Italian international Saad Assis is the prototypical futsal player. Born and raised in Brazil, he measures 1.68 metres, weighs 68 kilos and honed his skills on the streets of Sao Paulo before going on to play at the highest level in his homeland as well as in Italy and Spain.
Assis is now one of the most successful players in the world. He plies his trade with Barcelona in Spain's top futsal league and helped the Squadra Azzurra to third place at the FIFA Futsal World Cup 2008 and the UEFA Futsal EURO 2012. And in Thailand, the 33-year-old will be hoping to help Italy go even further.
"We all dream of winning the tournament, but obviously so do some of the other players taking part," he said in an exclusive interview with FIFA.com. "It won't be easy since Brazil, Spain and Russia in particular are incredibly strong. We'll give it our all but it'll be tough."
Before they can think about a semi-final clash against European champions Spain or EURO runners-up Russia, Assis and co will have to face Egypt in the last 16 after the Africans made it through as one of the four best third-placed teams in the group stages. The Italians will certainly not be taking the next match for granted.
As a group, we're definitely in a position to hold our own with the best futsal nations at this World Cup.
"We don't know all that much about Egypt, but I think we'll be looking at some video analysis of them over the next couple of days," said the experienced striker, who added three strikes to his career tally during the three group matches in Thailand. "They must be a decent team, otherwise they wouldn't have been able to win so easily against a Czech Republic team which knocked us out of the tournament two years ago at the EURO. We're confident that we will reach the quarter-finals, but at the same time we know that we will have to play our best futsal if we are to win our next match on Monday."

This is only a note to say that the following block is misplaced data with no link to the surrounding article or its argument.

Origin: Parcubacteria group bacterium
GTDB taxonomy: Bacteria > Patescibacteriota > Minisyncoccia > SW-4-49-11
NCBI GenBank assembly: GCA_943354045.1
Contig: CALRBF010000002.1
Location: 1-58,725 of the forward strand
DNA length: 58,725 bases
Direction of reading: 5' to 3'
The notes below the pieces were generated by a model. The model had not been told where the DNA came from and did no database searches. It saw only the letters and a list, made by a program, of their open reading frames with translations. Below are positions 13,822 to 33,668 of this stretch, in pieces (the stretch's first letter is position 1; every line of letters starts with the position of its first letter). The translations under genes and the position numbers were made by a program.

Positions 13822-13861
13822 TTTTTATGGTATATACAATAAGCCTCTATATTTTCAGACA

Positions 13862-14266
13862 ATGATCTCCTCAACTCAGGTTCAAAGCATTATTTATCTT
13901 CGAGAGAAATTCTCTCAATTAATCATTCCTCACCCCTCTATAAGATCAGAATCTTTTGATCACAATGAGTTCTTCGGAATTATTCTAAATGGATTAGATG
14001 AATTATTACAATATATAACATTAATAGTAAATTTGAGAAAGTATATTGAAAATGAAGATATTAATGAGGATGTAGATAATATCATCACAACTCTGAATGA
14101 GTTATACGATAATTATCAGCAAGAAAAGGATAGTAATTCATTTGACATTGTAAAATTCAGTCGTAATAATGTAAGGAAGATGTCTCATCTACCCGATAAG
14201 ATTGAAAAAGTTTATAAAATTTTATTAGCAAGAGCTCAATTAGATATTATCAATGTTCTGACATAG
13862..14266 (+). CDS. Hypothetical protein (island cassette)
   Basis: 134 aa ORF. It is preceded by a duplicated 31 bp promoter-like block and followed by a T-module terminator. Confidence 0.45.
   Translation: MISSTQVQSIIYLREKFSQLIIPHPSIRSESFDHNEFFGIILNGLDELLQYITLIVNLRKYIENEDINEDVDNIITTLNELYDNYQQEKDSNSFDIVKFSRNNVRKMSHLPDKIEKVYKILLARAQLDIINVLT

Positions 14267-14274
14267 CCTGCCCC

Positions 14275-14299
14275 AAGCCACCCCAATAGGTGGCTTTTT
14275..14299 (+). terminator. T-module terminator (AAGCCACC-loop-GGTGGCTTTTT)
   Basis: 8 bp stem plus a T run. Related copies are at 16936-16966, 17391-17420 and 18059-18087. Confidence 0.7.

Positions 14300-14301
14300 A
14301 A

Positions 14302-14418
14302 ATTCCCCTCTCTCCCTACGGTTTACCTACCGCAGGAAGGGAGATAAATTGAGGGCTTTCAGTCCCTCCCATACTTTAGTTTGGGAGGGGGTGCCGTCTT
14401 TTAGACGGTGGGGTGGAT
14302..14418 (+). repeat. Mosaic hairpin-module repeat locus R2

"I'm just doing my job and helping the team. I'm a striker so I obviously like scoring goals, but at the end of the day it's team success that counts," he said modestly when asked about his past achievements.
Things have been going well so far for Assis and his team-mates, who cruised through Group D with wins against Australia (9-1), Argentina (3-2) and Mexico (5-2). Coach Roberto Menichelli's men thus picked up a maximum nine-point haul, and though the knock-out stages will obviously see a step-up in quality, Assis is confident they will make it right through to the end of the tournament.
"We have a completely different team compared with 2008. The squad is a lot younger than the back then, but we still have some very good players. As a group, we're definitely in a position to hold our own with the best futsal nations at this World Cup."
Not that merely holding their own will be enough to fill Assis's lofty expectations. "I only ever have one objective, and that's winning the next match," he concludes. "It's my job, it's why I play for the Italian national team and at club level for Barcelona."